by Madeleine Brown
It’s the middle of my first week of a puppetry intensive—I have quite the life—and I agree to join one of the other participants at the bar after class for beer, apps and Pittsburgh against Washington in the Stanley Cup Playoffs. (Note: up until this point in my life the only hockey I’ve watched was the final minutes of the women’s gold medal match in the 2014 Winter Olympics.) For me this late night socializing is all about that East Coast craft beer and greasy half-priced apps.
The nachos are not built on a bed of housemade nacho chips. Sysco-brand instead. Well, not certainly, but probably. They’re doused in melted cheddar. (If you can really call it cheese.) Some haphazardly sliced peppers and maybe the odd black olive top them off. On the side sits sour cream, guac and that classic mass-produced salsa. I request some hot sauce too. To accompany our nachos, we opt for onion rings with curry mayo.
So, yes, neither are handcrafted masterpieces, but they’re perfect. It’s funny, isn’t it? Where real restaurants strive to produce everything in house with their own spin on it, a neighbourhood bar can serve up equally satisfying equivalents by cracking open a few jars. As Pittsburgh struggles, I tear through cheese-soaked chip after chip and hot onion rings. Sips of bitter ale cut through the fat and grease. And I can’t stop. I’m fairly full—and I did have a light dinner a few hours earlier—but the combination of flavours—as simple and processed as they are—are perfection. I think I can get bar culture.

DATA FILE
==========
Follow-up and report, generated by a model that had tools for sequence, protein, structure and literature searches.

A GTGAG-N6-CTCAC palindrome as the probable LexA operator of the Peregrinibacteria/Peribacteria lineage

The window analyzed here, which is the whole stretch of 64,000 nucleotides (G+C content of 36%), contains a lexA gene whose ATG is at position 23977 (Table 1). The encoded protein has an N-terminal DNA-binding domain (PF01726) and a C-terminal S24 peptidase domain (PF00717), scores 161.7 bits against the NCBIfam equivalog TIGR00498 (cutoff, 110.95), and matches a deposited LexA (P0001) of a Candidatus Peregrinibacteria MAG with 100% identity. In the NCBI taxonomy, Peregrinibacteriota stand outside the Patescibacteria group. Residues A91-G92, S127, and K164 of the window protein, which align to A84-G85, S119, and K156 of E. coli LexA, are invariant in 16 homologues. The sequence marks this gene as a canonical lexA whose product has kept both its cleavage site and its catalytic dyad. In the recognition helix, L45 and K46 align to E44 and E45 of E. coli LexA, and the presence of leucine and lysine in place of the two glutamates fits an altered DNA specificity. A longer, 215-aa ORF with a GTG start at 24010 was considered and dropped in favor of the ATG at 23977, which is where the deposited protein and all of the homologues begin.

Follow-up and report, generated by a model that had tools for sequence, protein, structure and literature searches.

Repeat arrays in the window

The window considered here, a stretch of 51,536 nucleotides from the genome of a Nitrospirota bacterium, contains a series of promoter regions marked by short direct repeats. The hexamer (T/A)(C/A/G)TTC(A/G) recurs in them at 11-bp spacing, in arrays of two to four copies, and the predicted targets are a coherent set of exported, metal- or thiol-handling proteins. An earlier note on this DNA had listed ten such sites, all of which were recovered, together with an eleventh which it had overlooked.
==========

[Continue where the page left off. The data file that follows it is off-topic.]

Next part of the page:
We finally throw in the towel. While I’m rarely one to leave any scraps on my plate, I have to let this one go. We leave at the end of the second period—it’s still hopeful for Pittsburgh at this point. And it hits me: now I’m full. More than full, I’m bloated.
I pull my nacho- and onion ring-stuffed self into bed and while it’s relatively late and I’m fatigued from the work we did in class today, my stomach moans. I have to construct a sleeping position to let the beast rest comfortably. It still has much digestion to do. I begin to heat up from the exertion. I guestimate in my head how many pounds I must have gained from this eating expedition. “I’ll have to not eat for the next two days to make up for it,” I tell myself. Eventually I do nod off, but my dreams are vivid and, from what I can remember thinking back now, mildly horrifying. I wake up around 4 am dehydrated and confused. After a bathroom break and a sip or two of water, I manage to fall back asleep relatively quickly. In the morning, my stomach has quieted, but I still feel heavy and not well rested.
And just like that the greasy goods I sang praises of only twelve hours before upon entering my system have crushed my digestive tract and danced off without a word. Most curiously of all: I’d do it all again.